Typological reading, a strategy for biblical exegesis developed in ancient times and practiced through the medieval period, was alive and well - indeed, inescapable - in Elizabethan sermons and liturgies. Spenserian allegory and Elizabethan biblical exegesis is the first book to show the relevance of this cultural habit to The Faerie Queene. A wealth of quotations from contemporary sources transports readers into the mindset of Elizabethans to allow an encounter with The Faerie Queene in a fresh and genuine way.
Preachers and liturgists mined the Bible for parallels of Elizabeth Tudor and other figures from current events. This study juxtaposes these biblical types with characters from Spenser's epic, offering fresh interpretations of the 'chronicle history' cantos, Florimell's adventures, the Souldan episode, Mercilla's judgment on Duessa, and even the two stanzas that close the Mutabilitie fragment.
Spenserian allegory and Elizabethan biblical exegesis will be of interest to students of Reformation theology and hermeneutics, students and scholars of Spenser's poetry, and those interested in the expanding field of sermon studies.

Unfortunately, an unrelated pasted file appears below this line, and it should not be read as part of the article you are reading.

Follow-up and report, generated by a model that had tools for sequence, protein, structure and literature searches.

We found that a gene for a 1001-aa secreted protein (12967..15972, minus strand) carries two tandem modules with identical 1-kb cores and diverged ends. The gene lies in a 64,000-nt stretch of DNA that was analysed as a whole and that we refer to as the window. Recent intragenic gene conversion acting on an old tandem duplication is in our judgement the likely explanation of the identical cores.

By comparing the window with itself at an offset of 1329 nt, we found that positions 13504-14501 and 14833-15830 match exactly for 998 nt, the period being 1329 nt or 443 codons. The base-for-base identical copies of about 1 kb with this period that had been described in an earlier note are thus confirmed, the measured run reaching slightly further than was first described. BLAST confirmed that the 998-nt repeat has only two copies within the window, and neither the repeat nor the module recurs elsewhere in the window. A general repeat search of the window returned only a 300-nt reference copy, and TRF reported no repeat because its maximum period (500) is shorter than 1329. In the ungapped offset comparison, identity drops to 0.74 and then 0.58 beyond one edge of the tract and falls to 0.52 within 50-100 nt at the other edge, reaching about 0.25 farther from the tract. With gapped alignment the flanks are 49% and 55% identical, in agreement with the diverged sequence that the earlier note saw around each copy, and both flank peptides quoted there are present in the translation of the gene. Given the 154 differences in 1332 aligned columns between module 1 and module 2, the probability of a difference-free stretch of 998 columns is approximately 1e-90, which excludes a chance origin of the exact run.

About the Author
Margaret Christian is Associate Professor of English at the Pennsylvania State University, Lehigh Valley Campus
Table of Contents
Introduction: A context for The Faerie Queene
Part I: Backgrounds: allegorical reading in Spenser's England
1. Traditional scriptural interpretation and sixteenth-century allegoresis: old and new
2. Allegorical reading in occasional Elizabethan liturgies
3. Allegorical reading in sermon references to history and current events
Part II: The preachers' Bible and Spenser's Faerie Queene: alternate allegories
4. 'The ground of Storie': genealogy in biblical exegesis and the Legend of Temperance
5. 'Waues of weary wretchednesse': Florimell and the sea
6. Saracens, Assyrians and Spaniards: allegories of the Armada
7. 'a goodly amiable name for mildness': Mercilla and other Elizabethan types
8. Court and courtesy: sermon contexts for Spenser's Book VI
9. 'Now lettest thou thy servant depart': scriptural tradition and the close of The Faerie Queene